Wal-Mart Cash Flow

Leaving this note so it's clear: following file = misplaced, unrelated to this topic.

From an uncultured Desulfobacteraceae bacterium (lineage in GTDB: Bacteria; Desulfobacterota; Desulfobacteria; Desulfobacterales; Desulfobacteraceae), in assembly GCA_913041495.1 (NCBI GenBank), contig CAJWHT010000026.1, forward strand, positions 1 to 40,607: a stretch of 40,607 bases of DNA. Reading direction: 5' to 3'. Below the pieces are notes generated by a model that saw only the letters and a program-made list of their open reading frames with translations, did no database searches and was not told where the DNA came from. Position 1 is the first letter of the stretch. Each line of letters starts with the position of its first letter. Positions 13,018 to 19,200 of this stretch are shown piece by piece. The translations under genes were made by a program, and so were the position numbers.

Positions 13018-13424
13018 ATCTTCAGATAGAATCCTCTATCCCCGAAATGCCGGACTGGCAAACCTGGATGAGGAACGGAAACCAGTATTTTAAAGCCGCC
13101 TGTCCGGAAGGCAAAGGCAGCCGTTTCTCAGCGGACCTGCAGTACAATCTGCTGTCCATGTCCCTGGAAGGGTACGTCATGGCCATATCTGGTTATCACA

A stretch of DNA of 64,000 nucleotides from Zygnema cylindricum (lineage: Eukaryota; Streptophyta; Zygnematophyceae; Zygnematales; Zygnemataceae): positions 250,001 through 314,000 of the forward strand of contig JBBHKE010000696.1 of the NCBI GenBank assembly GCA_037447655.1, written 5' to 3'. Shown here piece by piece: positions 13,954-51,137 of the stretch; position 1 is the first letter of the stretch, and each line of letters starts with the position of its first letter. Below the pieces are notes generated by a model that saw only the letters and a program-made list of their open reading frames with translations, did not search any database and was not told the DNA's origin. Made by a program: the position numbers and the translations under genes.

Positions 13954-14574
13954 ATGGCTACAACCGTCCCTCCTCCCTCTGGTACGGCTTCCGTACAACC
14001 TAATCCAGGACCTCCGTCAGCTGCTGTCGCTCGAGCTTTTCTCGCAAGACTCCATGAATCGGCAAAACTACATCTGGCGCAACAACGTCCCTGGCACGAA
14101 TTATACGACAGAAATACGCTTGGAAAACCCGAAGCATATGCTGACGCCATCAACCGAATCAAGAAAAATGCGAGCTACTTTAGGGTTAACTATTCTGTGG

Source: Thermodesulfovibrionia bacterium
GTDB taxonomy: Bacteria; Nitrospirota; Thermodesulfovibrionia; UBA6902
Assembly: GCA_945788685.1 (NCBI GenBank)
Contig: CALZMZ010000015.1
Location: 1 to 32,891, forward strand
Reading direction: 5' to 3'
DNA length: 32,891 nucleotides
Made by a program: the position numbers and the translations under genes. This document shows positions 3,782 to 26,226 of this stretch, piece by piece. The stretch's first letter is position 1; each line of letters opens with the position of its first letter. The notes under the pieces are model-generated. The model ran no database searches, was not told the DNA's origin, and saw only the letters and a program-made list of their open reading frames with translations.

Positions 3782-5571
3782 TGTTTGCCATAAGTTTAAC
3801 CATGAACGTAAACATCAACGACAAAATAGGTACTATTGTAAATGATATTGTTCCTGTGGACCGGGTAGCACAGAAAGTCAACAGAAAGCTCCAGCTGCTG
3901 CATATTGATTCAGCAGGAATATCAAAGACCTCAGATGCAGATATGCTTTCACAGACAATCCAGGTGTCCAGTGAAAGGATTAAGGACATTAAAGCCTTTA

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A firm’s cash flow statements provides very useful data to help investors understand how a company’s operating activities produce cash for the firm. Perhaps more importantly, investors can use a cash flow statement to determine the possibility of a firm generating new cash flows, otherwise known as future cash flows. Two common ways to analyze a cash flow statements, and other financial statements, is to common size the financial statement and to use various financial ratios. Wal-Mart’s positive cash flow comes from the firms operating activities, with this segment being the only segment of the three; operating, investing, and financing, that has positive cash flow. It is crucial that Wal-Mart keeps the firms operating activities cash flows largely positive. With the negative cash flows from investing activities and financing activities, negative operating cash flows would be very detrimental to the firm and could mean the firms collapse. The positive cash flow the firm makes in operating activities is allocated and used in other areas, such as financing activities or investing activities. The positive cash flows from operating activities is mainly derived from income from continuing operations. Looking at Wal-Mart income statement, you see a line item called “Income from continuing operations”; this line is two lines up from “Consolidated net income”. Income from continuing operations is essential consolidated net income minus income or loss from discontinued operations. In Fiscal Year 2012, Wal-Mart had Income from continuing operations of $15,959,000,000. This large number is carried over from the Income Statement to the Cash flow statement and recorded as Income from continuing operations in the Cash Flow Statement. This number makes up the significant portion of total Net Cash provided by operating activities. However, the cash flow statements also make

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